Please note that only one member document in a compound document can have focus set on it. Then all the standard document methods of gate.Document interface apply to the document with focus set on it. For example, if there are two documents, ‘hi’ and ‘en’, and the focus is set on the document ‘hi’ then the getAnnotations() method will return a default annotation set of the ‘hi’ document. One can use the following method to switch the focus of a compound document to a different document:

public void setCurrentDocument(String documentID);  
public Document getCurrentDocument();

As explained above, new documents can be added to or removed from the compound document using the following method:

public void addDocument(String documentID, Document document);  
public void removeDocument(String documentID);

The following code snippet demonstrates how to create a new compound document using GATE Embedded:

2// step 1: initialize GATE 
5// step 2: load the Alignment plugin 
6File alignmentHome = new File(Gate.getPluginsHome(),‘Alignment); 
9// step 3: set the parameters 
10FeatureMap fm = Factory.newFeatureMap(); 
12// for example you want to create a compound document for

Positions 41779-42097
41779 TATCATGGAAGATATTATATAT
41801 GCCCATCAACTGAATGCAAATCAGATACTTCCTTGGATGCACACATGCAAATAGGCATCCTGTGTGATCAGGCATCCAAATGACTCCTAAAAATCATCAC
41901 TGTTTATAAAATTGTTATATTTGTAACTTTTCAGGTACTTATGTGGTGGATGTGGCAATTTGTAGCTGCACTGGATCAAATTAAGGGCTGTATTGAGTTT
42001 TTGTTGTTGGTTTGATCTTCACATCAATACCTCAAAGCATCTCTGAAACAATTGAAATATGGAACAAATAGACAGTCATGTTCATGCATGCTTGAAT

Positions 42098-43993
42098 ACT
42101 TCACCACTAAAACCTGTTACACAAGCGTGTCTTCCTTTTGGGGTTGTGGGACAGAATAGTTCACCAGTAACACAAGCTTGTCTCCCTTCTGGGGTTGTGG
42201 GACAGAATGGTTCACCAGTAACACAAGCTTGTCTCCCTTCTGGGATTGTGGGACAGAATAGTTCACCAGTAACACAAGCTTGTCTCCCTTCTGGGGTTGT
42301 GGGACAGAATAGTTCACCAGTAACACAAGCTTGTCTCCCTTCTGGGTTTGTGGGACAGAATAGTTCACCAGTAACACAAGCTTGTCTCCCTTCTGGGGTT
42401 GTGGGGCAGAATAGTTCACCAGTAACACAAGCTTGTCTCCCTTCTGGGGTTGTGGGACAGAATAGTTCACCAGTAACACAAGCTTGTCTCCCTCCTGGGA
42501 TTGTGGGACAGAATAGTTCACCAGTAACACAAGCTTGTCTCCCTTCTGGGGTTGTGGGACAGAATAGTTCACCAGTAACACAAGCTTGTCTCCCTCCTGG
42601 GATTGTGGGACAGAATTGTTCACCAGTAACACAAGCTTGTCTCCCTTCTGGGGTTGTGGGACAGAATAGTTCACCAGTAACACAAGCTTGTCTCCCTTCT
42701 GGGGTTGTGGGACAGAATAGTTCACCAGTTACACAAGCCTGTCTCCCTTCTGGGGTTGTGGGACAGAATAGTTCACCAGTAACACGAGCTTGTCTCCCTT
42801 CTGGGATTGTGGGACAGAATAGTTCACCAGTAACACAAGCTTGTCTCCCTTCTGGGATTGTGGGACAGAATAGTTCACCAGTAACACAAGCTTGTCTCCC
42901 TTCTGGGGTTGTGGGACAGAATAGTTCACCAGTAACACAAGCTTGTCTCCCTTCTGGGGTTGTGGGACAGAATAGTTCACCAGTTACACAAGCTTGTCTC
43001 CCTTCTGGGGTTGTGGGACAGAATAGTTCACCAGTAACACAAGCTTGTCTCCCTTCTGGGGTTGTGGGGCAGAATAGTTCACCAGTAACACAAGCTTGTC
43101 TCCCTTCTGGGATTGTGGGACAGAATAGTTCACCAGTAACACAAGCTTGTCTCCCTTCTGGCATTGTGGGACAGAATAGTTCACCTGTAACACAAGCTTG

13// File.id1.xml and File.id2.xml 
14List docIDs = new ArrayList(); 
17fm.put(‘documentIDs, docIDs); 
18fm.ptu(‘sourceURL, new URL(‘file://z:/data/File.id1.xml)); 
20// step 4: finally create an instance of compound document 
21Document aDocument = (gate.compound.CompoundDocument) 
22 Factory.createResource(‘gate.compound.impl.CompoundDocumentImpl, fm);

16.2.2 Compound Document Editor [#]

The compound document editor is a visual resource (VR) associated with the compound document. The VR contains several tabs - each representing a different member of the compound document. All standard functionalities such as GATE document editor, with all its add-on plugins such as AnnotationSetView, AnnotationsList, coreference editor etc., are available to be used with each individual member.

Figure 16.2 shows a compound document editor with English and Hindi documents as members of the compound document.


Figure 16.2: Compound Document Editor

16.2.3 Composite Document [#]

The composite document allows users to merge the texts of member documents and keep the merged text linked with their respective member documents. In other words, if users make any change to the composite document (e.g. add new annotations or remove any existing annotations), the relevant effect is made to their respective documents.

A PR called CombineMembersPR allows creation of a new composite document. It asks for a class name that implements the CombiningMethod interface. The CombiningMethod tells the CombineMembersPR how to combine texts and create a new composite document.

For example, a default implementation of the CombiningMethod, called DefaultCombiningMethod, takes the following parameters and puts the text of the compound document’s members into a new composite document.


The first parameter tells the combining method that it is the ‘Sentence’ annotation type whose text needs to be merged and it should be taken from the ‘Key’ annotation set (second parameter) and finally all the underlying annotations of every Sentence annotation must be copied in the composite document.